I have a loving wife/best friend who treats me like a king despite my often whiny personality. In a few months, we’ll be celebrating our 25th wedding anniversary.
We have raised a remarkable son who at 20 is wise beyond his years. He may still be trying to find himself, but he’ll never be lost.
I live in a wonderful town in a perfect townhouse in a great neighborhood.
For the first time in my life, I can truly say I love my job. I had a great year raising money for the American Heart Association and I am honored to be able to do this work for a living. Strange way to find a calling, but I’ll take it.
Despite some ups and down this year, my mom, dad, and sister are doing well (as well as can be expected given they all live in Tucson now).
We’re doing well enough financially to afford to travel more and are starting to tick off our bucket list one by one.
I have great friends both online and in real life.
I serve my community as a board member of a great nonprofit that unites, strengthens and advances the state’s nonprofit sector.
The Suns have the first pick in the NBA Draft tonight and will finally land the “big man” they’ve always needed. The Padres are not winning, but they are on the right track with a great young core and some special players almost ready for the big leagues. The Cardinals drafted a QB of the future. No team I’ve ever rooted for has ever won a world championship — but that will change in the next few years. Go Cardinals. Go Padres. Go Suns.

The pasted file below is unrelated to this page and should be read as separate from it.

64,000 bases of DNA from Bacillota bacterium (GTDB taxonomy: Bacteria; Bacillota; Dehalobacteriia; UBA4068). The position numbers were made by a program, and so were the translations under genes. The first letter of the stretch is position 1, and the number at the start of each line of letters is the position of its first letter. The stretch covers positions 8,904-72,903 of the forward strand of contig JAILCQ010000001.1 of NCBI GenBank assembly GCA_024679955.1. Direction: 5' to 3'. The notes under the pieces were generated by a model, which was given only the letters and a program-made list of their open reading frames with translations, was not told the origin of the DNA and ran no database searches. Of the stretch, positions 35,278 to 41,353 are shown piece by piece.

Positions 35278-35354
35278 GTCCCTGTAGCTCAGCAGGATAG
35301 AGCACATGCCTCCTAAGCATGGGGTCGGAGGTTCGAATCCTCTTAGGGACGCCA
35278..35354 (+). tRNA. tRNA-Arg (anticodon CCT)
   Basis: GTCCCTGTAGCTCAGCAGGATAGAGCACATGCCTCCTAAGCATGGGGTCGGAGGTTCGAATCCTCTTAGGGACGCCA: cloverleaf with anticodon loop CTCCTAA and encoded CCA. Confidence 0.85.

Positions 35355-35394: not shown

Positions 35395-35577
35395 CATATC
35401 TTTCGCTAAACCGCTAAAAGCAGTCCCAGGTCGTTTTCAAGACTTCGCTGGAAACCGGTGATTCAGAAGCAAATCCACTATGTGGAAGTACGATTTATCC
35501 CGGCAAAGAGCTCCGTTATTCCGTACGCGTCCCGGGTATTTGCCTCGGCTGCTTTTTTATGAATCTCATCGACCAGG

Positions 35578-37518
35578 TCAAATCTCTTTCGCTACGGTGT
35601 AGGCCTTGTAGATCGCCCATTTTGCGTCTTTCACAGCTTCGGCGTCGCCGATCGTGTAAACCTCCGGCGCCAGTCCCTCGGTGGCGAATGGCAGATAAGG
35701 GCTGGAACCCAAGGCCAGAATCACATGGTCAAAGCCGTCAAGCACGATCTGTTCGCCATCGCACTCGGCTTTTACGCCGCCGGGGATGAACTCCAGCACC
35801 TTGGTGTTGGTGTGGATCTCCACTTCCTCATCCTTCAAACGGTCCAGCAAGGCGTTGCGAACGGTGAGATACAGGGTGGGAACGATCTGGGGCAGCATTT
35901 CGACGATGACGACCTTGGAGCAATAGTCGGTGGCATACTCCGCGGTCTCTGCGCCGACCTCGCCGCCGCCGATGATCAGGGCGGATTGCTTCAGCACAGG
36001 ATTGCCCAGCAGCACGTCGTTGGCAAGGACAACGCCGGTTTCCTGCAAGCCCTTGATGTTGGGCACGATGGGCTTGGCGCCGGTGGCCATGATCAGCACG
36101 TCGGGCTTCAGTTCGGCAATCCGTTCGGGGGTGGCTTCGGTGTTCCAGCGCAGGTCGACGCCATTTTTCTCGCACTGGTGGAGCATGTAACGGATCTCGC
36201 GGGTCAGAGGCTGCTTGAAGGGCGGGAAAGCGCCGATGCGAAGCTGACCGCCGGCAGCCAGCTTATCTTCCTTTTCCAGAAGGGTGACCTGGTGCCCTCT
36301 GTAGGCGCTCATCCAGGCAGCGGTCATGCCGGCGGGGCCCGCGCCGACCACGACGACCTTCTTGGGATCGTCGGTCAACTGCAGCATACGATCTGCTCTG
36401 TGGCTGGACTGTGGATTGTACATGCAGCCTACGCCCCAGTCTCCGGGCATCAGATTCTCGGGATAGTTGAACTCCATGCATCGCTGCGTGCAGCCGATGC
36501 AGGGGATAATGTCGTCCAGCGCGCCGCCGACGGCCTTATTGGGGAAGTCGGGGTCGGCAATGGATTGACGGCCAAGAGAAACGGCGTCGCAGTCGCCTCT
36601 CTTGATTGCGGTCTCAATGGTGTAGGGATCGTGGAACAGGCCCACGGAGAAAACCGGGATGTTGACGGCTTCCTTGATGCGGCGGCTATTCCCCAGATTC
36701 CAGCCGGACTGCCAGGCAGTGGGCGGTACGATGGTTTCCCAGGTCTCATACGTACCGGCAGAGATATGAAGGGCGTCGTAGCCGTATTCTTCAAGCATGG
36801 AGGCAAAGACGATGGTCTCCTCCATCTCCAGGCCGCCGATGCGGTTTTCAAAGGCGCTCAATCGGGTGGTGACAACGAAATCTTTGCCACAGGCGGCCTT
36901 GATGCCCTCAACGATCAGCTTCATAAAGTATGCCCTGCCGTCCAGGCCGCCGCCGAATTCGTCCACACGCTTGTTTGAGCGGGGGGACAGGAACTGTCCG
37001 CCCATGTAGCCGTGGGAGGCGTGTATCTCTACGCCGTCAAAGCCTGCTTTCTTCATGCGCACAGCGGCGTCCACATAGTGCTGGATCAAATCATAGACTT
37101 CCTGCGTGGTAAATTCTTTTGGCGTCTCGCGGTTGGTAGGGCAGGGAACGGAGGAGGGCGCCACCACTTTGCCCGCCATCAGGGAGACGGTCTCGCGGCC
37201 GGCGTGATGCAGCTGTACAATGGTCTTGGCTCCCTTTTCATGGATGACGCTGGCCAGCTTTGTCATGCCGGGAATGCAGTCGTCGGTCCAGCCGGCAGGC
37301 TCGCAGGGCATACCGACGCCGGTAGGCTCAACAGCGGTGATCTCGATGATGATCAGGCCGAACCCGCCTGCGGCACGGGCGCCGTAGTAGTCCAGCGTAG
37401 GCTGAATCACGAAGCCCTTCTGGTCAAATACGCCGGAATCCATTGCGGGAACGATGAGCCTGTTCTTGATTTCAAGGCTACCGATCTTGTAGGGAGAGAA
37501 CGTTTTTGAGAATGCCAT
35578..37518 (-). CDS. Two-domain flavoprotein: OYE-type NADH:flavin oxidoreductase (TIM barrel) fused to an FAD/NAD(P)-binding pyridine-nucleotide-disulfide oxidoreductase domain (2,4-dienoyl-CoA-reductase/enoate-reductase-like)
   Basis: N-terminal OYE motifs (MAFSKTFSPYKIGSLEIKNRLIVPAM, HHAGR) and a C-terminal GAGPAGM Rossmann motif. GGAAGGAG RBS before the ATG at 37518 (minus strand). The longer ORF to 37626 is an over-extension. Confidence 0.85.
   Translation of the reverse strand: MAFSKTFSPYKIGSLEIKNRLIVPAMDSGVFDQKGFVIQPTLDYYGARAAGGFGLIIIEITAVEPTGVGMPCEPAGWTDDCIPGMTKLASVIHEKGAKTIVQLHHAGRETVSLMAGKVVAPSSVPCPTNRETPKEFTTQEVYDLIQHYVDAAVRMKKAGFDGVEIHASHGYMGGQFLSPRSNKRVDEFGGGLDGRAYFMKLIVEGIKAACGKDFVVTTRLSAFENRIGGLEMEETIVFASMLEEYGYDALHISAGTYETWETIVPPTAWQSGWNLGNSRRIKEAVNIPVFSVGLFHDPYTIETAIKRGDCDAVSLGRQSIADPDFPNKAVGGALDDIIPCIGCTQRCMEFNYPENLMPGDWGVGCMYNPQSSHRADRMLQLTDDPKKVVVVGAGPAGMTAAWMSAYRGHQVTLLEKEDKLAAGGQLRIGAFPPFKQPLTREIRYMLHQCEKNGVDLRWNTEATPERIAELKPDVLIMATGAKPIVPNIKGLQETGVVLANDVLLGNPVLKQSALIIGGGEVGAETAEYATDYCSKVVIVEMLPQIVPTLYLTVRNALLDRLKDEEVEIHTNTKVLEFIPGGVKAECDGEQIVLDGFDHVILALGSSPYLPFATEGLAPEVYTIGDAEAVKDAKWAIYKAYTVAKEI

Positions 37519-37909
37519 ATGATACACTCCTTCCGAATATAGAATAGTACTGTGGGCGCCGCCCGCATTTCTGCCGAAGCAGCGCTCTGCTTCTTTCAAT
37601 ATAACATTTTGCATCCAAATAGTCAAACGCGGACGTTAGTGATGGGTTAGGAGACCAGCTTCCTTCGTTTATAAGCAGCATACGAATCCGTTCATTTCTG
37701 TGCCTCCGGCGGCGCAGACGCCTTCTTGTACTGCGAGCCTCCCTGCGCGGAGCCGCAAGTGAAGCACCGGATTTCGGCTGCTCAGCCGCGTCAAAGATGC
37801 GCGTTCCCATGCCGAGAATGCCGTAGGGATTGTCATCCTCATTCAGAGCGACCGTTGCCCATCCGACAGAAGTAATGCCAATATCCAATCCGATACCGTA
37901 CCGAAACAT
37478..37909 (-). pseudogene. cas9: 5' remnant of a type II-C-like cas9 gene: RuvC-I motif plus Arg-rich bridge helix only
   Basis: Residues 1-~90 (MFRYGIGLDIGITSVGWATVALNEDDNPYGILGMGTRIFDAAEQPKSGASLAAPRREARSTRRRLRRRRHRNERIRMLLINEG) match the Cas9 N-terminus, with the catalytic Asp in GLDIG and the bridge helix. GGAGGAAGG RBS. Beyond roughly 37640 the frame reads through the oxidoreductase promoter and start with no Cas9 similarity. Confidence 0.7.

I have found a new passion in soccer and have become a rabid fan. Seriously, I wake up early every weekend during the season to watch Arsenal play.
All this is to say that I’m living a great life. It’s nothing like the life I imagined I’d be living in my 50s, but it’s great nonetheless. And despite world events, my own life is really good. And I’m grateful. And I need to remind myself to share that fact more often, and certainly not just on my birthday.
I’m a heart attack and stroke survivor and I’m grateful for everything I have in this world.
I have only one regret from my heart attack experience in 2011, and that is that I waited two days from the onset of symptoms to seek treatment. Aside from the fact that I very likely could have died during those 48 hours, the time I waited very likely caused more damage to my heart than if I had gone to the hospital right away. In the heart attack business, time is muscle.
It’s a sobering experience to hear your cardiologist say that part of your heart is dead, but that’s exactly what happens to your heart when oxygen is cut off. In my case, I lost about 15 percent of my heart muscle in the area at the lower left ventricle known as the apex. Because of this dead muscle, I have what the doctor calls left ventricular hypokinesis. Basically, it means my heart doesn’t contract as much as most people’s hearts resulting in a lower ejection fraction.
This means my heart doesn’t pump out as much blood as a normal heart, which is no big deal until it gets too low (an ejection fraction of 50 percent or lower is considered reduced) and if it gets down below 40 or so it means you are in heart failure. At the time of my heart attack my ejection fraction was around 35-40, but today it’s in the 55-60 range which is at the low end of normal. Lucky me.